Partners, maybe some of you are considering channeling some tithe into directly helping a struggling pastor.  Here is one who could really use your backing.– Missionary Partners


Ana Lucely de Gamez and her daughter Monica

This mother and daughter come from El Salvador.  They came to Costa Rica so that Monica could study nursing at an Adventist college and avoid Sabbath problems which she felt she would have to deal with in El Salvador.

The family (including mother, daughter, and a teenage son) rented a campus cottage and hoped to find work to keep them afloat; that soon proved legally difficult.

Ana’s undocumented husband, Dennis, has been trying to find work in the United States and has faced a series of complications in the process.  Recently he came down to Costa Rica to see his family and take charge of the couple’s son who has needed a father’s guiding hand in his life.  Father and son have now returned North.

Monica is well into her second year of college classes and is earning very respectable grades.  Mother Ana has not fared well as most of the financial burden falls upon her shoulders for keeping Monica’s tuition paid.  Their bills mount, Ana’s health grows more strained and weakened.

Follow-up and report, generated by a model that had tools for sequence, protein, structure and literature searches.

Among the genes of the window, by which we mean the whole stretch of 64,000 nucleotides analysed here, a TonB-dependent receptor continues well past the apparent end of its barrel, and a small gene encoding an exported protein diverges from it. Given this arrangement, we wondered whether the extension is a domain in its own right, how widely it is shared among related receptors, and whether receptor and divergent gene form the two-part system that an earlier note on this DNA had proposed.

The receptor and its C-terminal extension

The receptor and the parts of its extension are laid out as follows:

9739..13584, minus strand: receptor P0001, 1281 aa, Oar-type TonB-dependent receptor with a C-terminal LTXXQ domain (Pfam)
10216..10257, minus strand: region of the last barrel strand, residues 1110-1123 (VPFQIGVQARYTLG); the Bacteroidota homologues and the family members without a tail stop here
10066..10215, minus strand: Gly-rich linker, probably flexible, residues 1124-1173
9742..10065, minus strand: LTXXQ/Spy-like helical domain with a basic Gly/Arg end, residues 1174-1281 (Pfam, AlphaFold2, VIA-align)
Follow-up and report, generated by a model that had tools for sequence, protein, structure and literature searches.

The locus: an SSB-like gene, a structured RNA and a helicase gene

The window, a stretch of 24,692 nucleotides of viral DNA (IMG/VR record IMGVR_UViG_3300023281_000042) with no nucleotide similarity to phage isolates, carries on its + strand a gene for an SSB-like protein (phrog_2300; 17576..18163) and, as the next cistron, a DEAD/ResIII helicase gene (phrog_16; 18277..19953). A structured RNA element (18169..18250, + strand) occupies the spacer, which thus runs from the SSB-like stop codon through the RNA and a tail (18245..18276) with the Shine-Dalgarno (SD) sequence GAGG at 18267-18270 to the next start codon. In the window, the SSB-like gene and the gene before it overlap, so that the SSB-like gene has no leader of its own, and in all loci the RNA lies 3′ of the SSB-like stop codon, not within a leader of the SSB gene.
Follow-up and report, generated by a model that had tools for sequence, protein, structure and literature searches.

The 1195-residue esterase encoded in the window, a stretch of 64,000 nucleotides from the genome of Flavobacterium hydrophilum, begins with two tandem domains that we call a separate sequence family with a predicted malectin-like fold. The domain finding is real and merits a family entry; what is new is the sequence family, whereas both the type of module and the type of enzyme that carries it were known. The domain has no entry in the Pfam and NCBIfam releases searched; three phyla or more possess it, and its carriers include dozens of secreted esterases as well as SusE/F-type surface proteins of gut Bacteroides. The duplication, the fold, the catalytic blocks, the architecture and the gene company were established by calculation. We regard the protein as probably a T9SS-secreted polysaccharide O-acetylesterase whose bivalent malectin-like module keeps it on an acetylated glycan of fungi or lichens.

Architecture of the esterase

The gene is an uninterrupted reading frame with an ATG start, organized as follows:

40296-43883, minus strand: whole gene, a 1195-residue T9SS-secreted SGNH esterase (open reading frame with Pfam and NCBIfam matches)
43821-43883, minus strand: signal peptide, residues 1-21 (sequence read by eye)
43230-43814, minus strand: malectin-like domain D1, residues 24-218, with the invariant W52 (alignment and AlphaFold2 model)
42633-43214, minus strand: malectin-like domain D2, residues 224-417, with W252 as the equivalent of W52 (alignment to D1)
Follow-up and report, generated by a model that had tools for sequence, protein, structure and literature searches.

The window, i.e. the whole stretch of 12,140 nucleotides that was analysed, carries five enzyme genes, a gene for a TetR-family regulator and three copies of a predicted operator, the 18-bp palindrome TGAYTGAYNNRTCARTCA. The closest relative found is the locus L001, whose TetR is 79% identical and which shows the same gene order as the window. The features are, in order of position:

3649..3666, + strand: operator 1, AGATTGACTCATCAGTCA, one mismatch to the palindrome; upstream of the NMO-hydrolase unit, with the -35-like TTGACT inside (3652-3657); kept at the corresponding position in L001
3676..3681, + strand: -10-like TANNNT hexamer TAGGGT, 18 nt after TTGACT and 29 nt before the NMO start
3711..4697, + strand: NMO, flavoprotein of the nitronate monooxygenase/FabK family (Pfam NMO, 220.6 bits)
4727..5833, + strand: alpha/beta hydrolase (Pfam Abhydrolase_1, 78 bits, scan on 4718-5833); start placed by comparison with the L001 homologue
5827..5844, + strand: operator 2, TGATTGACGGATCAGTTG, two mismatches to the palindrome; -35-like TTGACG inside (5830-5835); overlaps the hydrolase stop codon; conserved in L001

Too often they have had nothing to eat.  That is when Hugo and Elsa Rivas have stepped in sharing from their own limited supply, rice and beans, the basics to keep soul and body together.

It is hard to assign a figure to this family’s needs as it amounts to thousands; nevertheless, we would like to at least help them through Hugo with some monthly help for food.

Perhaps one of our partners would like to tackle this case with $200 monthly.  Naturally, if you would like to enter into direct contact with Ana and Monica, maybe offering them even greater assistance with college expenses and household needs, that would be wonderful and we would willingly facilitate that.

[paypal-donation purpose="A GOOD SAMARITAN TO STRUGGLING STUDENT FAMILIES" reference="Post=525"]

“What Else Must I Do?”

Jesus had just finished dealing with hard-hearted divorce issues brought up by cagey Pharisees trying to snag the Teacher and discredit His theology.

The second wave of the morning consisted of mothers bringing their children to be blessed–makes you wonder how many of those moms had been dumped and left to raise the kids alone while their men justified abandonment with easy
divorce writs notarized by temple sharks.

Read more →

A Mother and Son struggle just to Buy Food!

Maria de los Angeles Ellis Solano and her son, Joshua, were presented in our April missionary letter, but nothing has been received so far for them.

I hardly know what to add when repeating cases like this,  but I know that persistence can bring a kind response, just as it did in Jesus’ story of the fellow who went at midnight to a friend’s house to ask for bread to feed others (Luke 11:5-8).

Maria is a 46-year-old mom in very poor health. Recently she had to be hospitalized again with hemorrhaging stomach ulcers.